We filed chaptter 7 about 5 years ago and did not reaffirm our mortgage. We kept our home and have been current on all payments. What can we do to get our home back under our names? When a credit report is run it doesn't come up, but yet lenders s...
The prior answers are good advice. In almost every case, not reaffirming the mortgage is the correct answer. If you chose to refinance, you can show from your own records that you have faithfully made all the payments to the lender via cashed checks and bank statements. If your new mortgage lender cannot figure that out, you simply need a better mortgage lender.See question
I have between $50k-$55k in cards. I have 1 vehicle (2012 Honda Pilot), with no equity and our home was just foreclosed on. The 1st lien was satisfied, but the 2nd lien will not be. The house was awarded to me in the divorce and my ex-husband sign...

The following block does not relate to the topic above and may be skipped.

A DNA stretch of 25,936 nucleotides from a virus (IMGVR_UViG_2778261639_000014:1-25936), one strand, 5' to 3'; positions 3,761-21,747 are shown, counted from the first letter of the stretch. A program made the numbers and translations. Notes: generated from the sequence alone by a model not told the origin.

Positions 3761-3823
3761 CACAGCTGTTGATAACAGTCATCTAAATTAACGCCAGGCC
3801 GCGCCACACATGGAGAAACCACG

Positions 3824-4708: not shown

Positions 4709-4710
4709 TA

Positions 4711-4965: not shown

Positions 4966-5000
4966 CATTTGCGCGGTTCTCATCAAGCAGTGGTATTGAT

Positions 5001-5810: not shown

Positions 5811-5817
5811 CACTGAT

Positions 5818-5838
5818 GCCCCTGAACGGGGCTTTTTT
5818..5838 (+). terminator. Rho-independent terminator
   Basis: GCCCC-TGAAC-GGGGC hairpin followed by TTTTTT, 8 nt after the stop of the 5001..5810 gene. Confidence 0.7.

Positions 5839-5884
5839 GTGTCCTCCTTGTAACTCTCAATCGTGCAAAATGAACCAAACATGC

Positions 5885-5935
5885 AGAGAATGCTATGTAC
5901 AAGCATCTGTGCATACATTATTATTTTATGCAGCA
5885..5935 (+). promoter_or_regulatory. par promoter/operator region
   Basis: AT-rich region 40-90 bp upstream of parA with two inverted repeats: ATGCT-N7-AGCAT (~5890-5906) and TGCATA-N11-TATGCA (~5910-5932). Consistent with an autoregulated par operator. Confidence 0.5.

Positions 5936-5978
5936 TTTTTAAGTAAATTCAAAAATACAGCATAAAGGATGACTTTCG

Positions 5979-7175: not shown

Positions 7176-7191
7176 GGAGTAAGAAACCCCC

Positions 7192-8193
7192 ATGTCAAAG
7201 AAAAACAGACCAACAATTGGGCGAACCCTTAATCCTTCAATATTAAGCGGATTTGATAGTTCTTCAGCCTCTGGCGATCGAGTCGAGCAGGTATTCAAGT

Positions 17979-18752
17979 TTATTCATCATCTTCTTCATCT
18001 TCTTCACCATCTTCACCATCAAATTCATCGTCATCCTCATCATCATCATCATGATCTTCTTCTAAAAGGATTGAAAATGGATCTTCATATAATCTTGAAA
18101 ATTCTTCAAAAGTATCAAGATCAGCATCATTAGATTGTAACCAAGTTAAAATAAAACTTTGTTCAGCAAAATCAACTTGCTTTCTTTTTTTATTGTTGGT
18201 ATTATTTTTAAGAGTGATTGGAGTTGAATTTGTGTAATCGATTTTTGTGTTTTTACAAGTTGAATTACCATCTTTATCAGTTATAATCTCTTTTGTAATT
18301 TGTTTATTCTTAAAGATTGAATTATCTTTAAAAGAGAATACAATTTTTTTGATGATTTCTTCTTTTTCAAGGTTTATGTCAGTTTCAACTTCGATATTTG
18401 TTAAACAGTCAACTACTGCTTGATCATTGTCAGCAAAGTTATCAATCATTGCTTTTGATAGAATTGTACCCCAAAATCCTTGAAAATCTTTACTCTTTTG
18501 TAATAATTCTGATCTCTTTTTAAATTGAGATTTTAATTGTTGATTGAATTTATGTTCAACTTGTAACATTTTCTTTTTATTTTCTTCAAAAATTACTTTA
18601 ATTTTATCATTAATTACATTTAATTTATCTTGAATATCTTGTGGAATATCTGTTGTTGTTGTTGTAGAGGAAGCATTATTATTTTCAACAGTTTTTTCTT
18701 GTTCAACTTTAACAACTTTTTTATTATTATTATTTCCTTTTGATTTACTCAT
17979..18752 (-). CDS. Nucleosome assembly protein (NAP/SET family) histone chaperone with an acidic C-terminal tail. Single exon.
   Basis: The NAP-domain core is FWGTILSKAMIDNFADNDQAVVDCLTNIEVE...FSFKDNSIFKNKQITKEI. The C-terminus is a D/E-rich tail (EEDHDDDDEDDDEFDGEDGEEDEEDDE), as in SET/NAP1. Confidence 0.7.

Filing a Chapter 7 is rarely about whether you have enough debt. The question is typically how much money do you make - is your income LOW enough to be permitted to file a Chapter 7.
I would suggest that you take up any of the fine attorney's on here for a free consultation and find out (1) if you qualify, (2) what debts you will be able to eliminate, (3) what, if any, assets are at risk, and (4) whether it is in your best interest to file or not.
There is a lot that goes into this decision. Get as much info as you can.See question
PennyMac charges me $500.00 yr for insurance they say covers them if I don't make my payments,
Pretty much happens on every loan where less than 20% is put down. The other attorney's advice was spot on - it should eventually drop off as your equity position changes.See question
My uncle passed a month ago and I am a beneficiary on his will. Where do i get a copy of the will?
Perhaps the easiest way to obtain a copy is to ask for one from the person who is the Executor or Personal Representative for your uncle. I always start with the assumption that everyone is going to behave and work together - if you are refused a copy, then it is possible that you might have to involve an attorney and head to court to get one.